Colours can also appear differently according to the shape that it fills. Here are a few tips:

  • Outlining a shape with a dark border will make the colour inside the shape look lighter.
  • Two shades of the same colour, when placed together, will make the lighter shade look lighter and the darker shade look even darker.


Don’t Underestimate Blank Space

Blank space, especially if it is white space, can be advantageous in a design. A design doesn’t need to be crowded with material and colour. White space, otherwise known as negative space, helps in

  • Legibility of text
  • Comprehension of the overall design
  • Drawing attention to a detail to emphasize its importance, creating the same effect as making a text bold in order to distinguish it from surrounding words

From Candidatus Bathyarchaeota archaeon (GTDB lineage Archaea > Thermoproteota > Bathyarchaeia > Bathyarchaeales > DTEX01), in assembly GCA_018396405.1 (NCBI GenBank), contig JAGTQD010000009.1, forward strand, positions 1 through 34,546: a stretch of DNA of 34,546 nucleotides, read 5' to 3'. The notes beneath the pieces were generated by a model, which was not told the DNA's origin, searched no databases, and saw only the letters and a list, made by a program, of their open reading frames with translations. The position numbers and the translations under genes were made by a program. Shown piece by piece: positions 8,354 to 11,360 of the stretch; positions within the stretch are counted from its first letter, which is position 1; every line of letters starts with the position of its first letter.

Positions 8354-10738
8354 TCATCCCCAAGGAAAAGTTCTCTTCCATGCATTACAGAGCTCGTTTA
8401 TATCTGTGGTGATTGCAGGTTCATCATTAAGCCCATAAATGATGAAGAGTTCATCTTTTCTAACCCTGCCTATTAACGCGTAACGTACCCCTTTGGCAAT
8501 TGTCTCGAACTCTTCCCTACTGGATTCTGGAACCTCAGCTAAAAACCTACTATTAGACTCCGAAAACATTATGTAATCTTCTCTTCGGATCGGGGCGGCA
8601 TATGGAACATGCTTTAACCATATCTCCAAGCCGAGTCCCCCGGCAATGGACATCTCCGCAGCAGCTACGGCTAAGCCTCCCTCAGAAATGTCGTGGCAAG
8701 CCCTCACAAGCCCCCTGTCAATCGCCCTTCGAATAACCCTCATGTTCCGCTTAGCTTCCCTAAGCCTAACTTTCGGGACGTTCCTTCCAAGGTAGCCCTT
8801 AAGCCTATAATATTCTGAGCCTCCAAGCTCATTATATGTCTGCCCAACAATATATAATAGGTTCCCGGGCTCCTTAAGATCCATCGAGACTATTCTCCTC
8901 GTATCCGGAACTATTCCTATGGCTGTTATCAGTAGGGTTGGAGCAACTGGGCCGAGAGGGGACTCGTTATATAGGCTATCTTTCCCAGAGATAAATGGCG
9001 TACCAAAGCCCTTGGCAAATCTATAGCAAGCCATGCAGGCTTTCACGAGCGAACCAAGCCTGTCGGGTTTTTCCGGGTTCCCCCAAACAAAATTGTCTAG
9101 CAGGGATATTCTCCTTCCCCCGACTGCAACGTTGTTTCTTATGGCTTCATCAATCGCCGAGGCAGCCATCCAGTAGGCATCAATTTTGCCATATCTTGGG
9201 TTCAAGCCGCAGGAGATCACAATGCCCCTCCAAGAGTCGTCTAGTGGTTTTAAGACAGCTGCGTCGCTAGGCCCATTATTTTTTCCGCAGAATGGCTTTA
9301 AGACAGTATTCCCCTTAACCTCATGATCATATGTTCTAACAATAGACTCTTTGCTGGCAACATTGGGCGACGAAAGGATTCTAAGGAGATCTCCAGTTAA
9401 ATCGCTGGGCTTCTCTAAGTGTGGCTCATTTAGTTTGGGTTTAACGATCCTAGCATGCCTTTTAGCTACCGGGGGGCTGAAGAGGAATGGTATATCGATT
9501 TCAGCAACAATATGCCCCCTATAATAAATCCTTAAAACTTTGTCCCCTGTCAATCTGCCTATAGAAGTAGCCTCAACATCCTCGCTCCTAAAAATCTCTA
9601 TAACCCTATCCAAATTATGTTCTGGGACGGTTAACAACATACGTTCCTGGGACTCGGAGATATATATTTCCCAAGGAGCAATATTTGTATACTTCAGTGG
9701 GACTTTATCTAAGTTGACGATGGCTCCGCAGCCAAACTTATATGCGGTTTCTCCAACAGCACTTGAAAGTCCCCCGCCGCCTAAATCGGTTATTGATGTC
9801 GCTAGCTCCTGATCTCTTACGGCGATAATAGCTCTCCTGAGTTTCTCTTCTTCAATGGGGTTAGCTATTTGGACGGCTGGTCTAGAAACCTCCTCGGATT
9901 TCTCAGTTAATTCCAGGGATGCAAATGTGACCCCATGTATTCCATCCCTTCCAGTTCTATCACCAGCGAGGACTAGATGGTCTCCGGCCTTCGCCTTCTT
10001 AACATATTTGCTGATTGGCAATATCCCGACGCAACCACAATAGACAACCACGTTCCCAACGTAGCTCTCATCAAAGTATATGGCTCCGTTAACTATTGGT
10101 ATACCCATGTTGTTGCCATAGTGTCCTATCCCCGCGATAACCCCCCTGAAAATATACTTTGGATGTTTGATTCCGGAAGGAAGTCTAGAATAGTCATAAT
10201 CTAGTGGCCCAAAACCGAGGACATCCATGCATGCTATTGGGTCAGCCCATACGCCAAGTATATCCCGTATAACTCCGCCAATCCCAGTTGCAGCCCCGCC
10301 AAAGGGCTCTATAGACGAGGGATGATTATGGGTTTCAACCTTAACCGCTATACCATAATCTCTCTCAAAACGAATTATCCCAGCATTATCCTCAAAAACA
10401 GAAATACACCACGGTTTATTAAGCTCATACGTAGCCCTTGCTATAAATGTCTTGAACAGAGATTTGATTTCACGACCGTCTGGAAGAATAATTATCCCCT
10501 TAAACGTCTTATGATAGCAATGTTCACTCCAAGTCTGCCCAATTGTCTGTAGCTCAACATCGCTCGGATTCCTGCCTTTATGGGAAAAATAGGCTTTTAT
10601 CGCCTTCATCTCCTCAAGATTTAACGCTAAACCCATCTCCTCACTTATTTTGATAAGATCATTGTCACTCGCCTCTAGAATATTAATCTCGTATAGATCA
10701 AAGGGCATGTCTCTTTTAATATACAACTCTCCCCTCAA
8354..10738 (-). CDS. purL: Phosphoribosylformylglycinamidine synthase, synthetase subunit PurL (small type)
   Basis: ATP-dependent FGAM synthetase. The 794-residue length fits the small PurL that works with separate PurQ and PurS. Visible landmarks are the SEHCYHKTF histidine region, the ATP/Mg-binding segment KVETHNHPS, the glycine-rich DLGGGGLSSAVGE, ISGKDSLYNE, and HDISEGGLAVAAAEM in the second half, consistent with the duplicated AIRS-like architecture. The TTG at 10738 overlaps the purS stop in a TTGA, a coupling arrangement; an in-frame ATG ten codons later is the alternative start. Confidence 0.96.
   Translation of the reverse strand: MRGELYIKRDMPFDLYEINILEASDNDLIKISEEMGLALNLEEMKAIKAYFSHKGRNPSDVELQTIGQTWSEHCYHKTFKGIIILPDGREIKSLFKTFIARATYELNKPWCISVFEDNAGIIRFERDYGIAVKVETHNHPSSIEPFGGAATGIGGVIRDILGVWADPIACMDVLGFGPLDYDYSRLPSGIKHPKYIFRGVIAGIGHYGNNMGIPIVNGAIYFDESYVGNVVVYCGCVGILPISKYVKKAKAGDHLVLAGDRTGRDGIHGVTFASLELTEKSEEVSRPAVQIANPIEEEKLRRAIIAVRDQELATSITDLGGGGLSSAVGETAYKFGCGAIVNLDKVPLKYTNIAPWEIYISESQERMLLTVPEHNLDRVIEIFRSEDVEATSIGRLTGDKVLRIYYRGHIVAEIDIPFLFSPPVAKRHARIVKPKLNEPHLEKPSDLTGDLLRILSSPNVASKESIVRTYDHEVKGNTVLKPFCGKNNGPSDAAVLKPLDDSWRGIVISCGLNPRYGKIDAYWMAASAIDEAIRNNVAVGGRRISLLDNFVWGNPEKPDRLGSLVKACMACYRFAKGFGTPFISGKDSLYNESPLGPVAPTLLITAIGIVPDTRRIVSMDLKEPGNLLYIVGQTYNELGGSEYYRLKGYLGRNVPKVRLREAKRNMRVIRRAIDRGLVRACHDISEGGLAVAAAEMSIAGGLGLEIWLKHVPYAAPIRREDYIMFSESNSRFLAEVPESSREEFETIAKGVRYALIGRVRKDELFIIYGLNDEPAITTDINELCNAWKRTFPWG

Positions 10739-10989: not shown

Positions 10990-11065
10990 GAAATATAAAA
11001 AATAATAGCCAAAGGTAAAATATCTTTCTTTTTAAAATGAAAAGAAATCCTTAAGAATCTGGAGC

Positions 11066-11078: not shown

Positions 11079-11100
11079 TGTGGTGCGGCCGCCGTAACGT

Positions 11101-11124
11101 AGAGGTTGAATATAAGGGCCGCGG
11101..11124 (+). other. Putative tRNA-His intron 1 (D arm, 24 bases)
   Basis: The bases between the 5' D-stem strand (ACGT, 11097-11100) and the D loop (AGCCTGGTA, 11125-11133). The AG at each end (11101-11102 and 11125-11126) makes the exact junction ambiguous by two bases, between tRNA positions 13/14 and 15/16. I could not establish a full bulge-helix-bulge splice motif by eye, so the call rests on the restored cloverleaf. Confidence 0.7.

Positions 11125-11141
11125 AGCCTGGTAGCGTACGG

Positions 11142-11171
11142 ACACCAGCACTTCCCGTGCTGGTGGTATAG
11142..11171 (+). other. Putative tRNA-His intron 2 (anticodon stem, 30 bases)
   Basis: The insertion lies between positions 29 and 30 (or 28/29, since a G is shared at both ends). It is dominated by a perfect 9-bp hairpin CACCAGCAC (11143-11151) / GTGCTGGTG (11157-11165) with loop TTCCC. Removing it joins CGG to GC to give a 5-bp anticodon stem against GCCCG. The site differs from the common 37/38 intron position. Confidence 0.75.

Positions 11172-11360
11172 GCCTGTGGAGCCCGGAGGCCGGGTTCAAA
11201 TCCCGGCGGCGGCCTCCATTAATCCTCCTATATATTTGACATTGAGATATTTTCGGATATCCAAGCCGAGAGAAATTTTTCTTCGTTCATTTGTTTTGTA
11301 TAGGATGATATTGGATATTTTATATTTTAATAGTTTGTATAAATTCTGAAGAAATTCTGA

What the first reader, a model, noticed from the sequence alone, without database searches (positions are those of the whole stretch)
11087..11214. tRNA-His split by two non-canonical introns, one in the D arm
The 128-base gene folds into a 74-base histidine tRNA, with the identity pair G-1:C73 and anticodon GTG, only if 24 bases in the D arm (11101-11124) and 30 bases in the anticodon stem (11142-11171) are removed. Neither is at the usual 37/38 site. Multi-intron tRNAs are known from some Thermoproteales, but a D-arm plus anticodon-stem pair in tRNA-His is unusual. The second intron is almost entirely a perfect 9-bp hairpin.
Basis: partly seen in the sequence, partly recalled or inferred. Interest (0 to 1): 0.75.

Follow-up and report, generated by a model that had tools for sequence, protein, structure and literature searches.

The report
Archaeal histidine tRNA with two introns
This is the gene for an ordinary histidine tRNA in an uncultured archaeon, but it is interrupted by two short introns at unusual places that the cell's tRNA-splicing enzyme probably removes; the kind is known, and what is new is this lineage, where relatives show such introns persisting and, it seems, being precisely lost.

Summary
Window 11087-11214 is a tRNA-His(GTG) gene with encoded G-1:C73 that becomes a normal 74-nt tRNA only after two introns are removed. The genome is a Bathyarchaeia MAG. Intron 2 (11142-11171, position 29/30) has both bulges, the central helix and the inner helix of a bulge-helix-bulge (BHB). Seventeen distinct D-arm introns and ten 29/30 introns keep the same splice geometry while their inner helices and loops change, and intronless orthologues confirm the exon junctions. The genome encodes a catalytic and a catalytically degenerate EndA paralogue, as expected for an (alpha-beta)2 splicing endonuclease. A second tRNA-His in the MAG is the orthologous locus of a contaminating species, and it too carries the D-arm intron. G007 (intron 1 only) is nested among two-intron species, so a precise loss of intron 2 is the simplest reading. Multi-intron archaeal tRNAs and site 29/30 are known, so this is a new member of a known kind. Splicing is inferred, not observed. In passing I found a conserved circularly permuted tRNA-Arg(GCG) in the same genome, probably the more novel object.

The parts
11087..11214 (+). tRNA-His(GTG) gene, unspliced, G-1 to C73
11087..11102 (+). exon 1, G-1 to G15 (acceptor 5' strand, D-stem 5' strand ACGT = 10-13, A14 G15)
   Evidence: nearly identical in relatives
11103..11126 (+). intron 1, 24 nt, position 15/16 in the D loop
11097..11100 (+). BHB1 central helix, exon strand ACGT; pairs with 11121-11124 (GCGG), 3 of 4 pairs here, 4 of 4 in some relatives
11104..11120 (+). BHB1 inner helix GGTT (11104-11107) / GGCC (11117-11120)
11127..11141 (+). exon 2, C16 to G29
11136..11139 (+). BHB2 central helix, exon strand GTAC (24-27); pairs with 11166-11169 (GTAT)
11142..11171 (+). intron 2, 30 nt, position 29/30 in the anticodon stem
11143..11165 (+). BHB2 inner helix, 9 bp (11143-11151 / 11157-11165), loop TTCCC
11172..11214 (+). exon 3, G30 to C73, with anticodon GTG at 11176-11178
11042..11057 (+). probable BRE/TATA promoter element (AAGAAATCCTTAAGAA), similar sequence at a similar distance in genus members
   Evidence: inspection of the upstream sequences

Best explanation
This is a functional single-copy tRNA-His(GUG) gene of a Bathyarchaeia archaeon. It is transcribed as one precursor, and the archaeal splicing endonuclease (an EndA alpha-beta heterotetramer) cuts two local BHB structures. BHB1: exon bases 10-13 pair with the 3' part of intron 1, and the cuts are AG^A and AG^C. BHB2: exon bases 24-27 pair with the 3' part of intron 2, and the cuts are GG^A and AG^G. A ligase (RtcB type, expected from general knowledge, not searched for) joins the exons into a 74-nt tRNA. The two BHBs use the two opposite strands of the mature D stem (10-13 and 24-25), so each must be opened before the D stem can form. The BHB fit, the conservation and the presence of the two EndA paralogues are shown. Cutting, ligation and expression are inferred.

If text is included in the design, then breaking the text with white space allows the reader to grasp the information more easily. If there are symbols or images, white space helps the viewer take in their size, shape, and relevance to the whole piece.

Don’t Begin a Project with Your First Choice of Colour

Perception of colours can be highly subjective. This is true for clients as well. When deciding a colour scheme for a client’s project, it is important to gather information of what the client prefers, which industry the design is for, and the emotional reactions of audiences in the industry. You may also need to consider if the colours you want are available for production. Depending on the audience, industry, and mass production of the design, a colour palette that appeals to a wide audience is safer than one that targets one type of audience.

In this situation, a graphic designer’s creativity may seem limited, but the client’s approval is essential. It is better to first take into consideration the client’s requirements before tweaking the colour scheme to produce a result that is above the client’s expectation.